Google has been a busy bee this week with multiple service and feature releases. Of the many releases seen this week, each and every service is free, and they are all designed with end users in mind. The updates include free DNS, a feather “lite” version of YouTube, a dictionary, a homepage performance upgrade, and a translated language website search. <phew> Here’s a brief preview of this week’s Google releases.
Google Free DNS
Yesterday Google announced their new service, Google Public Domain Name System (DNS). Google’s mission with Public DNS is speed; however, after speed tests, my Internet Service Provider’s default DNS is still showing up faster. Currently, the service is still in the experimental stage. What Google eventually does with it is pending upon results. For people new to DNS, Google has created a full instructions page to assist with setting up the service.
In the DNS realm, Google is now competing directly with OpenDNS, who provides the world’s largest free DNS service. OpenDNS founder, David Uletvitch has something to say about the Google giant moving in on their street. As a competitor, I would be surprised if he didn’t have something to say about it. :)
The top concern with Google DNS is privacy; their policy details are here. In short, if you use Google DNS they will have the ability to track every single website you visit, your IP address, your internal hostnames (including corporate ones), the programs you use that connect to the internet and your geographical location. Google claims that the logs are temporary and deleted within 48 hours. However, there is still some skepticism concerning what they do with the data before deletion.
Hosting their own DNS system also grants Google the power to block any website they want from someone using their network. It certainly is a lot of power for the biggest advertising company in the World to be wielding. Most companies/people are already using either Google Search, Adsense, Adwords, Voice, Analytics, or GMAIL. (Need I go on?) So I’m fairly sure Google already knows way way way more than any of us care to know, so giving them your DNS data is probably just a blip on the privacy radar.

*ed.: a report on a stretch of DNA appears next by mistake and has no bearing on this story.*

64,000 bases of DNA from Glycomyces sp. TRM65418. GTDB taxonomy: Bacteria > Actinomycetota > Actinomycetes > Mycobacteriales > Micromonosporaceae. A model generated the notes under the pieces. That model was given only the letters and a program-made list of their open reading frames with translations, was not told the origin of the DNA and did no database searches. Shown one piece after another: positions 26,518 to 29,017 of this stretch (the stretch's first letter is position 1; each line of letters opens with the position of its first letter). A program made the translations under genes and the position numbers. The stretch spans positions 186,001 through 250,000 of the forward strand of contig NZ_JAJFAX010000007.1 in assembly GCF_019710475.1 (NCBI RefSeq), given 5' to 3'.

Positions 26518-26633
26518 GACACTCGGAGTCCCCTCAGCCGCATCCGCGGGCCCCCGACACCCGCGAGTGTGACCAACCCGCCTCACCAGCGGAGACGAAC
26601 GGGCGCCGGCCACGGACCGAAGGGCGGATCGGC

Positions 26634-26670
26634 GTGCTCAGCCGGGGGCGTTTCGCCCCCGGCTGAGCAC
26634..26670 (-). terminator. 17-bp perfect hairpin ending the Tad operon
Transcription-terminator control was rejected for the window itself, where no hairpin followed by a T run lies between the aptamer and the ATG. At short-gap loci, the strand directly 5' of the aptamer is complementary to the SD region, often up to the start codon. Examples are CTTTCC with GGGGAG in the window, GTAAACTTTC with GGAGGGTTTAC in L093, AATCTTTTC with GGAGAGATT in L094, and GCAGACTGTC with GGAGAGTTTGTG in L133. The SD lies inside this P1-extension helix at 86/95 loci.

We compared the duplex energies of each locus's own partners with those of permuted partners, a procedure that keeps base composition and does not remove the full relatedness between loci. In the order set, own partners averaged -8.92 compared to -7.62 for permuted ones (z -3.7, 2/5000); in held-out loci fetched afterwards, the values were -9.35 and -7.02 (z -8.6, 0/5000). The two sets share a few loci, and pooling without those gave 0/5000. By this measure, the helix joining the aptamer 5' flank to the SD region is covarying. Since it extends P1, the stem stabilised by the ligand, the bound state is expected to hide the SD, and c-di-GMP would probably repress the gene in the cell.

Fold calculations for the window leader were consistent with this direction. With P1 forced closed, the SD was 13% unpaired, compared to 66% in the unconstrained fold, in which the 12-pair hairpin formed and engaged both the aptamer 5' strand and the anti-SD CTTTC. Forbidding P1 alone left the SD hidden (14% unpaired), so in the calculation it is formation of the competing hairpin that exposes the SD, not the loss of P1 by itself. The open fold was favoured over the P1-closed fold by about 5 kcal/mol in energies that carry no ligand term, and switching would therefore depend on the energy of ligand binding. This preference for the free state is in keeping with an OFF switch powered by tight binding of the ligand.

With the growing popularity of Netbooks, Google has responded by introducing YouTube Feather. Currently, there isn’t much I’ve noticed w/feather except it appears to be much faster. If you join the beta program, you may see that Google has stripped down all of the non-essentials from YouTube (for the better if you ask me) and thus reduces latency by a good amount. Feather is still in the beta stage, and won’t be visible unless you join. You can opt in and try it out at the feather beta page.
Another update this week was Google Dictionary. This one hasn’t received as much buzz as DNS or Feather. But I’m pretty sure it’s going to make a large impact on the community over time. Answers.com was the previous host for definitions on the Google Search engine but last Thursday, Google gave them the boot and implemented their clean new service. The definitions shown in Google Dictionary are designed to be easy to understand but lack the intricate heterogeneous (now there’s a word to look up; I misspelled it the first time) definitions of some of the higher end dictionaries. Google hasn’t yet implemented a thesaurus, so until they do Reference.com will have my heart. Did I mention I love their “Did you mean? feature? Yeah, it’s in their Dictionary service also!
Try out the Google Dictionary at http://www.google.com/dictionary.
The Google homepage has a new look. Did you notice? Google has finally realized the majority of its users are just there to use the search engine and in line with their feather update, they’ve gone minimalistic. The next time you visit http://www.google.com take a look, the extra buttons and links won’t appear until you hover over the screen. Supposedly this will decrease page loading time. Regardless, it will be nice not to be advertised to download Google Chrome below the search bar as much.
Google Homepage With Fade
Google Homepage Before Fade
If you’re from another country, or maybe planning a trip, Google Translated Search can help. For example, if you’re going to visit France, there is a good chance you will find better guides and reviews from people who are local. The problem is, the local population speak and blog in French and you don’t.
Another issue is since we’re using Google.com, the French results don’t even show up. With the new Translated Search update, Google will look specifically for pages written in the language you specify and then Translate them into the language that you do understand. Try it out – Translated Search – Google Translate.
- Site performance data in Webmaster Tools – VERY Cool! Site Performance and recommendations!
- Personalized Search for everyone – ok.
- Now on Google Finance: Streaming News – Sorry I’m still a Yahoo Finance Fan :0
- More new imagery added to Google Earth and Google Maps – Again, more is better!
- More Street View updates: See the Sea, see the world – Yeah, cool!
- New User Agents for News – Tell Googlebot about News on your Site (or block it)
- Google Analytics launches Asynchronus Tracking – Faster more accurate tracking!
All in all, it’s been a FULL groovy Week over at Google! I think they deserved mention in our first End of Week Grab Bag for sure!
Google closed their dictionary in 2011.